Maricopa election fraud conspiracy theories
Video of election worker went viral with right-wing activists
02:07 - Source: CNN Business
CNN  — 

Not much can grow naturally in the barren desert landscape of Arizona’s Maricopa County, but given its pivotal role in shaping national politics, it’s fertile ground for conspiracy theories to take root.

“We’ve anticipated legitimate mistakes and issues with election infrastructure being reframed as fraud,” Kate Starbird, an associate professor at the University of Washington who studies the spread of disinformation, explained to CNN.

That appears to be what precisely played out in Maricopa County on Election Day.

The right-wing personalities, who have spent the past two years convincing millions of Americans not to trust their democracy, pointed to this Election Day’s problem with printers at some Maricopa polling locations as proof that everything they had said was right. The printer issue was not a mistake, they suggested – fraud was afoot.

The reality of any Election Day in the United States is that issues are going to arise at the polls. We can argue whether that is unacceptable or inevitable, the result of incompetence or aging infrastructure. But it is another thing entirely to suggest, without evidence, that these issues are the result of a nefarious and sophisticated effort to “steal” an election.

Election deniers in 2020 attributed malice to the mundane, repeatedly claiming videos showed poll workers stealing the election, when in fact the videos showed them doing their jobs. Having studied this, Starbird and her colleagues at the University of Washington and the Stanford Internet Observatory published a report last month looking at “implied intentionality.”

“In elections, honest human errors can be opportunistically exploited to imply intentionality and to support unfounded narratives of intentional, widespread fraud, undermining the legitimacy of electoral outcomes. However, as research shows, election fraud is exceedingly rare and such mistakes are unlikely to impact election outcomes,” they wrote.

The seed

It all began early this Election Day when a Republican activist posted a video to Twitter showing a Maricopa poll worker explaining there was a problem that could cause delays.

For those who had been waiting to claim the election was a fraud, it was a gift and it could hardly have come from anywhere better.

Maricopa, Arizona’s most populous county, became the center of the election conspiracy theory universe after then-President Donald Trump lost the state in 2020. Republicans called for votes to be audited and audited again, even eventually bringing in the infamous “Cyber Ninjas” – they also concluded Joe Biden had won there.

As the video began to bounce around social media, Maricopa election officials explained that the printer glitch would not stop anyone from voting. Instead of putting their ballots into a machine, voters were instructed to put them into a secure ballot box. A judge in Maricopa County who was asked to adjudicate on the issue Tuesday evening said there was no evidence that anyone who wanted to vote was not able to.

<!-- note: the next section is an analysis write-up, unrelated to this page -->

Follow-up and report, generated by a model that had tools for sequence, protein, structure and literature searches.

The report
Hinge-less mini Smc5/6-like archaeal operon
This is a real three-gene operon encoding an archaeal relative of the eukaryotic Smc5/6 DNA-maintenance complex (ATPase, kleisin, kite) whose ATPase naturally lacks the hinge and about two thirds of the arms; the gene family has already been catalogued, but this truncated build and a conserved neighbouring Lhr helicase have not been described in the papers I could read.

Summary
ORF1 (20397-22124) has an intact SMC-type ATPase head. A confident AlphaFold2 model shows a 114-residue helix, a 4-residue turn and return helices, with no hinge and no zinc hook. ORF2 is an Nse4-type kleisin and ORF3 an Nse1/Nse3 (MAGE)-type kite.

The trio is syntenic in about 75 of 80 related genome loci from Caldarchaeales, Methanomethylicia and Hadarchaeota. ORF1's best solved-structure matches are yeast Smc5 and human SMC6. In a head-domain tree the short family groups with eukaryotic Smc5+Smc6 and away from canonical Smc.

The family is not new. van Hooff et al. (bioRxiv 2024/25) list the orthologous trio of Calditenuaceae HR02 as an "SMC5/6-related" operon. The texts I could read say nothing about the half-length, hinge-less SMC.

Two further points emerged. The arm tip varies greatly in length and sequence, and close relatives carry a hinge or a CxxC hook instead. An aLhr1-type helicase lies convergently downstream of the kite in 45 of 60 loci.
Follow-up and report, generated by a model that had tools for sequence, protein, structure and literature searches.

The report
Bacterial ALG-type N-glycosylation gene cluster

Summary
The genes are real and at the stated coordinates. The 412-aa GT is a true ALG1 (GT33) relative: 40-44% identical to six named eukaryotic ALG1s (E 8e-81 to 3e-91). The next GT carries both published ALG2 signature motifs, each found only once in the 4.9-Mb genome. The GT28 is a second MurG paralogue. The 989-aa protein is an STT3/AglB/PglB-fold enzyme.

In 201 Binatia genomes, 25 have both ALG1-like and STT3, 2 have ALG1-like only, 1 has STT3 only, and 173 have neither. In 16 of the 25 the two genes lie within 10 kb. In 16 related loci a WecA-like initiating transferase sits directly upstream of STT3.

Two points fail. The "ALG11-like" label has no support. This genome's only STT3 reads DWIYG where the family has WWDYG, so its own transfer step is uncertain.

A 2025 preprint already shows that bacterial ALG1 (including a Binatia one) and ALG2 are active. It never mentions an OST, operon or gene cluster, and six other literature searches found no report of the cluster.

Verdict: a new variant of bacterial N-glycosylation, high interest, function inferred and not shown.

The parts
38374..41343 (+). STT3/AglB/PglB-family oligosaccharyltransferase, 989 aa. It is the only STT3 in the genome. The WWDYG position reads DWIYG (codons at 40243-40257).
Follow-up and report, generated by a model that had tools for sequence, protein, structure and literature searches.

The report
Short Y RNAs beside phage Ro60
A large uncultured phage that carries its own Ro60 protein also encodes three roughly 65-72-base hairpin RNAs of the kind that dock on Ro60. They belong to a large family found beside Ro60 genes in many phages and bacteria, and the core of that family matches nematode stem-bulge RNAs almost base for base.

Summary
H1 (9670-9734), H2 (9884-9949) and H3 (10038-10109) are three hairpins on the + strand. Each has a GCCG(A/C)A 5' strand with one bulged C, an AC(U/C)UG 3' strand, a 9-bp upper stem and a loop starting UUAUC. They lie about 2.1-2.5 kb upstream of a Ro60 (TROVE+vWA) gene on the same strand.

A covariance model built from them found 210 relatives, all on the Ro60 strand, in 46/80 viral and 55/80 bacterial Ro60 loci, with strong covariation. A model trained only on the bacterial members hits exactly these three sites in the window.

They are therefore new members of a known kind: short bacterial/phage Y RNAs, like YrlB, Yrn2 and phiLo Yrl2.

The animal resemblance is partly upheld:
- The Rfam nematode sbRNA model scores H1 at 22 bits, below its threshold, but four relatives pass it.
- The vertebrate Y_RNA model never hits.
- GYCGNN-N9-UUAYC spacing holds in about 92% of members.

Naturally, to those who didn’t want to hear it, those facts fell on deaf ears.

Data gathered by researchers at the University of Washington showed that discussion of the tabulator problem began to gather major traction after Republican activist Charlie Kirk and Donald Trump Jr., the former president’s son, shared the video on their social media accounts.

Even though neither said outright that the video was evidence of fraud, their followers and many others, having heard so many false allegations of a stolen election in 2020 were quick to jump to that conclusion.

Trump sent a flurry of messages about the issue on Truth Social, starting with a 2 p.m. post, stating, “Maricopa County in Arizona looks like a complete Voter Integrity DISASTER.” In other posts he suggested, without evidence, that only “Republican areas” were impacted.

“There is no partisan bias in what happened,” Bill Gates the Chair of the Maricopa County board of supervisors said Tuesday night, pointing out that the board was controlled by Republicans and the Maricopa County Recorder is a Republican. Gates himself is a Republican.

The rot

That this video emerged in the first place and so quickly went viral was hardly an accident. Like many things that grow in Maricopa County, this too grew artificially.

Election deniers had spent many months encouraging people to go to polling locations and look for fraud. This is exactly the kind of video they wanted to see, despite it showing no fraud whatsoever.

Baseless lies about elections have wreaked havoc in this country. They’ve convinced a third of Americans that Biden wasn’t legitimately elected president. They’ve prompted violent threats to election officials and their families, in turn leading many officials to quit. And, of course, they led to a violent January 6, 2021, attack on the US Capitol.

The lies of Election Day 2022 are already taking root in the darker corners of the internet – on the very same forums used by people who previously committed violence, including attacking the Capitol .

Responding to a post about the alleged fraud in Maricopa on Tuesday, one anonymous user on a pro-Trump forum wrote, “We are way past prison at this point.” Another asked, “How about execution?”